Her momma don’t know. And she can’t be telling her. Momma wouldn’t understand. She’d say it was ‘gainst The Bible and she’d quote scripture ‘gainst Dolly and take her to church straightway to ask forgiveness and to be made clean again. And ever after momma’d be watching her, eyes sharp as pins on the back of Dolly’s neck, and asking her questions all the time, pick-axe questions, and measuring her answers against all the sins there ever was. So Dolly don’t feel inclined to tell her momma.
Instead, Dolly writes her momma long letters and she fills those letters with the things her momma wants to hear. Dolly says she is working hard and being careful with her money and taking care of herself. And yes, she’s going to church of a Sunday and the minister there is kind and he has silver in his hair and his sermons are hard as hammers on the air.
And there’s a boy – there has to be a boy – and Dolly met him at church and his name’s Isaac and he’s all kinds of good, and clean, and he don’t even hold her hand ‘less she says he can. And Isaac’s momma and papa invite her home for dinner of a Sunday and they fuss over Dolly like she is a daughter and they tell her she is pretty as peaches, and they say grace before eating, and Isaac’s momma’s cornbread is sweet, but not so sweet as Dolly’s own momma’s.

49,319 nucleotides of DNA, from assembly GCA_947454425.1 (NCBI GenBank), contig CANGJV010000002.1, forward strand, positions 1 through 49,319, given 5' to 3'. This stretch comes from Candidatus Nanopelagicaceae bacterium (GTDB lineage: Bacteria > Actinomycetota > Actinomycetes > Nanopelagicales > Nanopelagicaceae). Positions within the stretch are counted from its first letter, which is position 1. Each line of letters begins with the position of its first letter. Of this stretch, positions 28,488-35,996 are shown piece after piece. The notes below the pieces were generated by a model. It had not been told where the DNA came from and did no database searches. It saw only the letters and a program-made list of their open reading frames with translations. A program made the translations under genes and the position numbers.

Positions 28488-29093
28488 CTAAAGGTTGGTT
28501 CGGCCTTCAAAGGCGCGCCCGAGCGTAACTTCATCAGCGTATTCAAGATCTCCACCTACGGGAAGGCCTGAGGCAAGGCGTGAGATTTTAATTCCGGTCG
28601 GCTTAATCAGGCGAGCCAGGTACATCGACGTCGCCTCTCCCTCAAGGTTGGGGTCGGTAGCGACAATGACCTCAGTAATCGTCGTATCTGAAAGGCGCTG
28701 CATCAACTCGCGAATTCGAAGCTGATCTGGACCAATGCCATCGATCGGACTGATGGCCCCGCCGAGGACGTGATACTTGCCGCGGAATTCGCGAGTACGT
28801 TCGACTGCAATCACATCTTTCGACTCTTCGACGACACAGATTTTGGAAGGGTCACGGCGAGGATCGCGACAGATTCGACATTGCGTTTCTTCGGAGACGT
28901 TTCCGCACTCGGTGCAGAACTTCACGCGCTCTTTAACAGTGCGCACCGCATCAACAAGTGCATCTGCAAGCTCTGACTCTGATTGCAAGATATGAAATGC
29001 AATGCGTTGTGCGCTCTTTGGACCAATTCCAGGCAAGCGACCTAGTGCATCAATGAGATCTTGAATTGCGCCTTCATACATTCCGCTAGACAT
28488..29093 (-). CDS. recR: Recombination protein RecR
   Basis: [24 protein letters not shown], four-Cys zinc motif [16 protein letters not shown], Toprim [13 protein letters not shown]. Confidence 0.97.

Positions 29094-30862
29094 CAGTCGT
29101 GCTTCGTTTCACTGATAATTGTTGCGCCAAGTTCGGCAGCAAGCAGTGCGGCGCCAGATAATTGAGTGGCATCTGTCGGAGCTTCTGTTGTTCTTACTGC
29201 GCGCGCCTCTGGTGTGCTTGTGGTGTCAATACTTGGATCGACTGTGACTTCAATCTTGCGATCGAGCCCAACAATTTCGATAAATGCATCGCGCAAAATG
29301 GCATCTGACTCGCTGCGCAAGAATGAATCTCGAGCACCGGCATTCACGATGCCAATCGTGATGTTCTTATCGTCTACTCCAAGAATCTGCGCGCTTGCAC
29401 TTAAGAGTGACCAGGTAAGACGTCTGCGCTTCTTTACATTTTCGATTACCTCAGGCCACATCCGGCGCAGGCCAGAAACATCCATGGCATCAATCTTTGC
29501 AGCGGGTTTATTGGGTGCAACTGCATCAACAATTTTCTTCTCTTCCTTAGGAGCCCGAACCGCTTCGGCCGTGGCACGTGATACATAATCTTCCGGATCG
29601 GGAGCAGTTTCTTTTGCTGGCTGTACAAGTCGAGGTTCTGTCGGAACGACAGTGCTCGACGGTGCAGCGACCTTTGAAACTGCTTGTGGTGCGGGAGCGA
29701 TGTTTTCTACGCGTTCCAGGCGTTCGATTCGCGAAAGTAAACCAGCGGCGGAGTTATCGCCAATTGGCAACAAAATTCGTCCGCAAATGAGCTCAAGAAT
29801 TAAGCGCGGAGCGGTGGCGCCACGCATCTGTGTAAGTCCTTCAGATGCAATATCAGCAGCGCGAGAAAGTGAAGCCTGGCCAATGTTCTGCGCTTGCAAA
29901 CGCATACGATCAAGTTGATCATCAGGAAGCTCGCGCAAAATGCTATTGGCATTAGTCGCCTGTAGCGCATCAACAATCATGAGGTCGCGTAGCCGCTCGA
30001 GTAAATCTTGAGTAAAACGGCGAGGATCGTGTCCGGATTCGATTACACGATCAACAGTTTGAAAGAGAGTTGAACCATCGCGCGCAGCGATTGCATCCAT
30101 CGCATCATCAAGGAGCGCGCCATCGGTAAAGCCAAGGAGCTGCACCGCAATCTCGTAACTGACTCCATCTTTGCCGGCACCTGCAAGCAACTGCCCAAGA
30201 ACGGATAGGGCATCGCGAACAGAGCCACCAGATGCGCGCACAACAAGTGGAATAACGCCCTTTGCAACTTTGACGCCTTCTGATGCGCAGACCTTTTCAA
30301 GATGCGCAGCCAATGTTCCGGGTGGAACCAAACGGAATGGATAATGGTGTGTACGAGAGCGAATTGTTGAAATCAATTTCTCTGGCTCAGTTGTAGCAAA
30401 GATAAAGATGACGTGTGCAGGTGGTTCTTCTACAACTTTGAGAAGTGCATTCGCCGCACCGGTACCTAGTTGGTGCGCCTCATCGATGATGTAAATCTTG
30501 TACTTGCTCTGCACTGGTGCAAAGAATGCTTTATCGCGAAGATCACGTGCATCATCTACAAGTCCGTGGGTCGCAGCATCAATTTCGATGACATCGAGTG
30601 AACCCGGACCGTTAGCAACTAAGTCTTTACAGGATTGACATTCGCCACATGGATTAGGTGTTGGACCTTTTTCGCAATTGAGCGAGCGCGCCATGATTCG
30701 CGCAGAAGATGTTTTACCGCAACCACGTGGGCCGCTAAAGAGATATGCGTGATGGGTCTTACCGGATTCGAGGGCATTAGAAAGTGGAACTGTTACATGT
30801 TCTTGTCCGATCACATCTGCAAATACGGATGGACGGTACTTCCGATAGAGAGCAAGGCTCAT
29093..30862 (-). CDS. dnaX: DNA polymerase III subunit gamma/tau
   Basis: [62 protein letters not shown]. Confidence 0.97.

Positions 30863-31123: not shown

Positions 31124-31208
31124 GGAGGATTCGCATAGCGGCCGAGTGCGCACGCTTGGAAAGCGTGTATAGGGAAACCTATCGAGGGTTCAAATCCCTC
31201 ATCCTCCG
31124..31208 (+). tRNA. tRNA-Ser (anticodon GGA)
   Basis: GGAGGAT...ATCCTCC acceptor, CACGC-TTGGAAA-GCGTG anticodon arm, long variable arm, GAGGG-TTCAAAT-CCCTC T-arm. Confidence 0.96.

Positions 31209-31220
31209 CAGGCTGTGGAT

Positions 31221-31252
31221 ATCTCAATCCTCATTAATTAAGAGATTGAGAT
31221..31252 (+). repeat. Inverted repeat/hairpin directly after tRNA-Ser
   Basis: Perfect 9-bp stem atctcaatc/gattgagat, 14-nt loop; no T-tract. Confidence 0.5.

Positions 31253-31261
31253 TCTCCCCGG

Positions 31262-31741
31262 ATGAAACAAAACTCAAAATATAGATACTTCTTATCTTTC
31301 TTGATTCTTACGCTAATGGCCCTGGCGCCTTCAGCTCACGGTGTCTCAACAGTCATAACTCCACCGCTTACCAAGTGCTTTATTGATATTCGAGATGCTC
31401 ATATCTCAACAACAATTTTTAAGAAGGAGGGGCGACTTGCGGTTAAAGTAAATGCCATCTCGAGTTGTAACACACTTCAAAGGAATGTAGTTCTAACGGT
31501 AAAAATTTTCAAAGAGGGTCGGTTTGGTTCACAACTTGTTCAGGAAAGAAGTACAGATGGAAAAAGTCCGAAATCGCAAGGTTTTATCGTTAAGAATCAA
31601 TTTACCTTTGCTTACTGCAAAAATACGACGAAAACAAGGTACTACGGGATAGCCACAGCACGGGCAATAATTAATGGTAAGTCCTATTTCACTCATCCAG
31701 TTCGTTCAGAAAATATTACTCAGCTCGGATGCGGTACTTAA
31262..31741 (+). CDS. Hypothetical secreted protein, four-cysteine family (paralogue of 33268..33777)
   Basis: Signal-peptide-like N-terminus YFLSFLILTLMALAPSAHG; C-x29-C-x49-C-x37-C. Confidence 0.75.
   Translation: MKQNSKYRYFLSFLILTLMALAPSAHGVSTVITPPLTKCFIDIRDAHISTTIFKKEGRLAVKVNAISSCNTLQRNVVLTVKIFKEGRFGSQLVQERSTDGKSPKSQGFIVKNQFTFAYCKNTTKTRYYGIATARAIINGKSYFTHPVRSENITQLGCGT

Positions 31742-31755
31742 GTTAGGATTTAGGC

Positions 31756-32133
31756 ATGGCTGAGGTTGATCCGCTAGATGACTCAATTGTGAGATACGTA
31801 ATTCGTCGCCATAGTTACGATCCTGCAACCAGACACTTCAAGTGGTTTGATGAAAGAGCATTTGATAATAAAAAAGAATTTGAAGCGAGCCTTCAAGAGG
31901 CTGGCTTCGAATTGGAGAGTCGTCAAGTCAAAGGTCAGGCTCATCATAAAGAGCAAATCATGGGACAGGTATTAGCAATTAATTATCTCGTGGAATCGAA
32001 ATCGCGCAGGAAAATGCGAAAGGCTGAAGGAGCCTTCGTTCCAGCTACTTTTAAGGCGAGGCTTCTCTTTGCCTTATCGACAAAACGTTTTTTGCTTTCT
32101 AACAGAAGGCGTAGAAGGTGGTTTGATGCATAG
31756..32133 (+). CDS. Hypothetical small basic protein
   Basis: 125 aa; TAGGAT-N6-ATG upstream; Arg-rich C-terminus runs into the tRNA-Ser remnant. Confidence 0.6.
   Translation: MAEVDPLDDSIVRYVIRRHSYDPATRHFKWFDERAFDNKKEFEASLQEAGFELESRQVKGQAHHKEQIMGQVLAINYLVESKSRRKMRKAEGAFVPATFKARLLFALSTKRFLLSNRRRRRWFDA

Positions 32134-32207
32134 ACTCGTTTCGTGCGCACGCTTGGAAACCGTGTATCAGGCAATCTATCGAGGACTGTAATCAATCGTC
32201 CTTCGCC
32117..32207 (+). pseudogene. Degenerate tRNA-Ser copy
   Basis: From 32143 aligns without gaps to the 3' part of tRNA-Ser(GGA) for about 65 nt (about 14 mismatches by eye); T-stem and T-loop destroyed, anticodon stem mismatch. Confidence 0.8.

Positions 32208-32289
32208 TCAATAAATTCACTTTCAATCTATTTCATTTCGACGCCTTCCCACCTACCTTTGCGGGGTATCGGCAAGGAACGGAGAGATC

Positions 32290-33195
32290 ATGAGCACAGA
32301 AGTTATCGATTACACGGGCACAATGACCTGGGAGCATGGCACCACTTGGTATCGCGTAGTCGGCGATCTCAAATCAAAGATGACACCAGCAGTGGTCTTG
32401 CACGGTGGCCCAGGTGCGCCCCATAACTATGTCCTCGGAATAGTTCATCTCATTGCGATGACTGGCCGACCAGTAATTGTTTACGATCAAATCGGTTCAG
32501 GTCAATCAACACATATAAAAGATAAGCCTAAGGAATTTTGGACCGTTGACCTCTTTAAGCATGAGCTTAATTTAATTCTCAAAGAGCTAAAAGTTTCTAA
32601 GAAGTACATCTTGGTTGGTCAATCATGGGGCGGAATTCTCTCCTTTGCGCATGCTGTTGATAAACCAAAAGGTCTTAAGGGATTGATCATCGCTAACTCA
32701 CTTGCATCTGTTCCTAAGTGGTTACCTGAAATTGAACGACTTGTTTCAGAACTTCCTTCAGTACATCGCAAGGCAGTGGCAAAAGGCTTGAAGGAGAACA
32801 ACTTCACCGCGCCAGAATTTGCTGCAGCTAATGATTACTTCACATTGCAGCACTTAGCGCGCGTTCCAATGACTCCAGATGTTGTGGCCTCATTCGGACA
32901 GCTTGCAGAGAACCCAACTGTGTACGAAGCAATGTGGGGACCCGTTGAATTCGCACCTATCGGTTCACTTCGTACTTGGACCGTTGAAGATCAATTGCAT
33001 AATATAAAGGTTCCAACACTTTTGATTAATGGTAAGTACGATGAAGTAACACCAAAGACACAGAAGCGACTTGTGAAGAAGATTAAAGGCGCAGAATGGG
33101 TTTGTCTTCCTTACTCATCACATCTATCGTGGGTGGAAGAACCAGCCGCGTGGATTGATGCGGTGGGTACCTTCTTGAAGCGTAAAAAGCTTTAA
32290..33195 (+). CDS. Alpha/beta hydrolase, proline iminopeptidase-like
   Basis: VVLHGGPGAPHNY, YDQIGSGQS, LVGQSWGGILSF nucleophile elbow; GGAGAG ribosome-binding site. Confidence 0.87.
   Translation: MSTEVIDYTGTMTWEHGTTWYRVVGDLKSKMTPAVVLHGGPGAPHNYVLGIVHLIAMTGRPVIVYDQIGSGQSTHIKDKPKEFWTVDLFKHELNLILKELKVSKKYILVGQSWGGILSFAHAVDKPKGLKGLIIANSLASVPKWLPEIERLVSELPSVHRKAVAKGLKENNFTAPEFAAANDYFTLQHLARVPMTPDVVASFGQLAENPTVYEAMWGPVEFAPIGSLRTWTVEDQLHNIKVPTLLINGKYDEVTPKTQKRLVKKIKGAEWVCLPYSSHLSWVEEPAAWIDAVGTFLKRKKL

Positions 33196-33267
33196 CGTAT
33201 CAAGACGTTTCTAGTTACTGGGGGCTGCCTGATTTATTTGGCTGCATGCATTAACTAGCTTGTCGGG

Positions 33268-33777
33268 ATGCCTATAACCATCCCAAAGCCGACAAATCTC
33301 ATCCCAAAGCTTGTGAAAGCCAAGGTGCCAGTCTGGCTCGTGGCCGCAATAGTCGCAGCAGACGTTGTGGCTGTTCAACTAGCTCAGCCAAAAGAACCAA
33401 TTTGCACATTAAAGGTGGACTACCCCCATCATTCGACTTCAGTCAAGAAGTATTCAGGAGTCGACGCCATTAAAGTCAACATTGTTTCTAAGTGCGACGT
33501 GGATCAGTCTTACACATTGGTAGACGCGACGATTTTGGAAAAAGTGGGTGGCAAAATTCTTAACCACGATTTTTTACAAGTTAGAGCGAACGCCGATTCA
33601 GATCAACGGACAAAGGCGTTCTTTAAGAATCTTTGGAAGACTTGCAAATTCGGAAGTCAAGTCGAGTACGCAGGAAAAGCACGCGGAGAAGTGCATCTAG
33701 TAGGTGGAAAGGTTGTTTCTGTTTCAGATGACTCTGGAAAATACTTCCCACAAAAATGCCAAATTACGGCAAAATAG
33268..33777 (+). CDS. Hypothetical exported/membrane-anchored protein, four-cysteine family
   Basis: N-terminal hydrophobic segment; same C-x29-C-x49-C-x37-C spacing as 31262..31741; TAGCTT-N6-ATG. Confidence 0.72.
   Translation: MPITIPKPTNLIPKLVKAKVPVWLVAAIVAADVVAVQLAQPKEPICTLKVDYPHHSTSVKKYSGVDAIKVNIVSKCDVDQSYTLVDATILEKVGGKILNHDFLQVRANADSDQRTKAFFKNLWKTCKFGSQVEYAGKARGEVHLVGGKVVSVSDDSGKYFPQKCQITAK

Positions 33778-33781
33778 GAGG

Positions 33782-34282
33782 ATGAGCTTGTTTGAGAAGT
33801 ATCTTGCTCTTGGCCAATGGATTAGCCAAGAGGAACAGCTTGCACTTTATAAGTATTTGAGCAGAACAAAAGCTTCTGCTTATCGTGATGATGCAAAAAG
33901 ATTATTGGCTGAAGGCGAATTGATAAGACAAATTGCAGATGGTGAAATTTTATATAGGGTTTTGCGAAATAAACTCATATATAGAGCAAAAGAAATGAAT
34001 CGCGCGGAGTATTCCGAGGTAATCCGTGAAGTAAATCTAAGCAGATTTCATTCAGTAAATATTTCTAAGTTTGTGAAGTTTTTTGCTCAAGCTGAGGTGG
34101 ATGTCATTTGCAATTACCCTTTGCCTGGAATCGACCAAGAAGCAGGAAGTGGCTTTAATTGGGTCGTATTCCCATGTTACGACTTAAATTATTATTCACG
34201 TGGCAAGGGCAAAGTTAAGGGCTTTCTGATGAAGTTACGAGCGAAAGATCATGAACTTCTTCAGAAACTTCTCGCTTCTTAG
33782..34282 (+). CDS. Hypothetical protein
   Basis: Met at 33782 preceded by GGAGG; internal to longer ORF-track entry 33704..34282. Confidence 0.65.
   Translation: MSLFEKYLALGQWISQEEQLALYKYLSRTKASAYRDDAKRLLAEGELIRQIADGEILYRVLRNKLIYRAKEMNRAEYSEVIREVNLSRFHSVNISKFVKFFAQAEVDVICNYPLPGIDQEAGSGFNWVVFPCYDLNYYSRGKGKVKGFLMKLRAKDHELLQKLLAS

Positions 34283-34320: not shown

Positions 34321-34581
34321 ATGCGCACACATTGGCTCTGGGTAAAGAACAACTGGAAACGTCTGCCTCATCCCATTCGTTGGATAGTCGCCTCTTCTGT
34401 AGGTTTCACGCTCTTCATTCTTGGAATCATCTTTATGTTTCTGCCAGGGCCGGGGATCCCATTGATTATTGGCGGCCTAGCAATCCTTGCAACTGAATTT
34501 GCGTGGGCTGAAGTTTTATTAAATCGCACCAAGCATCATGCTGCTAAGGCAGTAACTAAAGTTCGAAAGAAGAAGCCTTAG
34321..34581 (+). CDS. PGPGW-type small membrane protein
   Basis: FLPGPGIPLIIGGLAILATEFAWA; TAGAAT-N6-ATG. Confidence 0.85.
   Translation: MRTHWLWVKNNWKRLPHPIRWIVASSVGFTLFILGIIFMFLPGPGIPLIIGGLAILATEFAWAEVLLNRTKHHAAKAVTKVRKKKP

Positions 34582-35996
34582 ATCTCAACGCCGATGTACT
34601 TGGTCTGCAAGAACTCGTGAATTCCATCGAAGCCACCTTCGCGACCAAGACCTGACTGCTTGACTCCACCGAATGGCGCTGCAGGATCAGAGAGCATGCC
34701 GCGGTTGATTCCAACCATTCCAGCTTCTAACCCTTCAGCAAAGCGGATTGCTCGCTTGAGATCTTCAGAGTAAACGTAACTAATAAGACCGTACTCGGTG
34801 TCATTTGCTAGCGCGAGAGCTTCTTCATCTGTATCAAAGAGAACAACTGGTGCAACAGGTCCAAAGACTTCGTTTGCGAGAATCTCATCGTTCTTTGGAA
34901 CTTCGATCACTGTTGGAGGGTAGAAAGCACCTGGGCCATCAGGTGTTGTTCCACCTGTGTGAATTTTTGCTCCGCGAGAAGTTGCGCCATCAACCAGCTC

Dolly has to remember the things she’s written in those letter, so she don’t make a slip and she don’t make the lie all bright and visible to her momma, like a burning bush. And sure Isaac kisses her, but only on the church steps where God and every man and his dog can see, and kisses her cheeks only, and he says he loves her to the moon and the stars and back.
Be careful, Dolly, her momma writes back. And she says boys is sometimes and too often only after one thing in this world and once they has got it then they look to get it elsewhere. Dolly’s momma don’t say what ‘it’ is, but Dolly has a understanding. And Dolly says her momma don’t have to worry none on that account.
And Mr Thomas at Thomas and Thayne’s solicitors is pleased with Dolly’s work and he says she might one day be promoted and sit neat and upright outside his office and run to his beck and call. And yes, that’d mean a little extra in her purse at the end of a week and maybe enough she could send some home then and momma could get a train ticket and come visit.
Dolly sucks in air when she writes that bit in her letter, cos she don’t know what ever she’d do if her momma did buy a train ticket and want to meet Isaac and his momma and papa, and the minister with silver in his hair, and Mr Thomas at Thomas and Thayne’s.
Barbara creeps up on Dolly and she kisses her and she pours a glass of wine with bubbles in, and she touches Dolly’s hair and where her heart is. And she says how she loves Dolly to the moon and the stars and back, and she reads over Dolly’ shoulder and she reads what she has written to her momma. And Barbara nods approval for she writes the same letter to her own momma and like that the world keeps turning and Barbara and Dolly don’t need to tell their love to no one and like that it isn’t even a sin.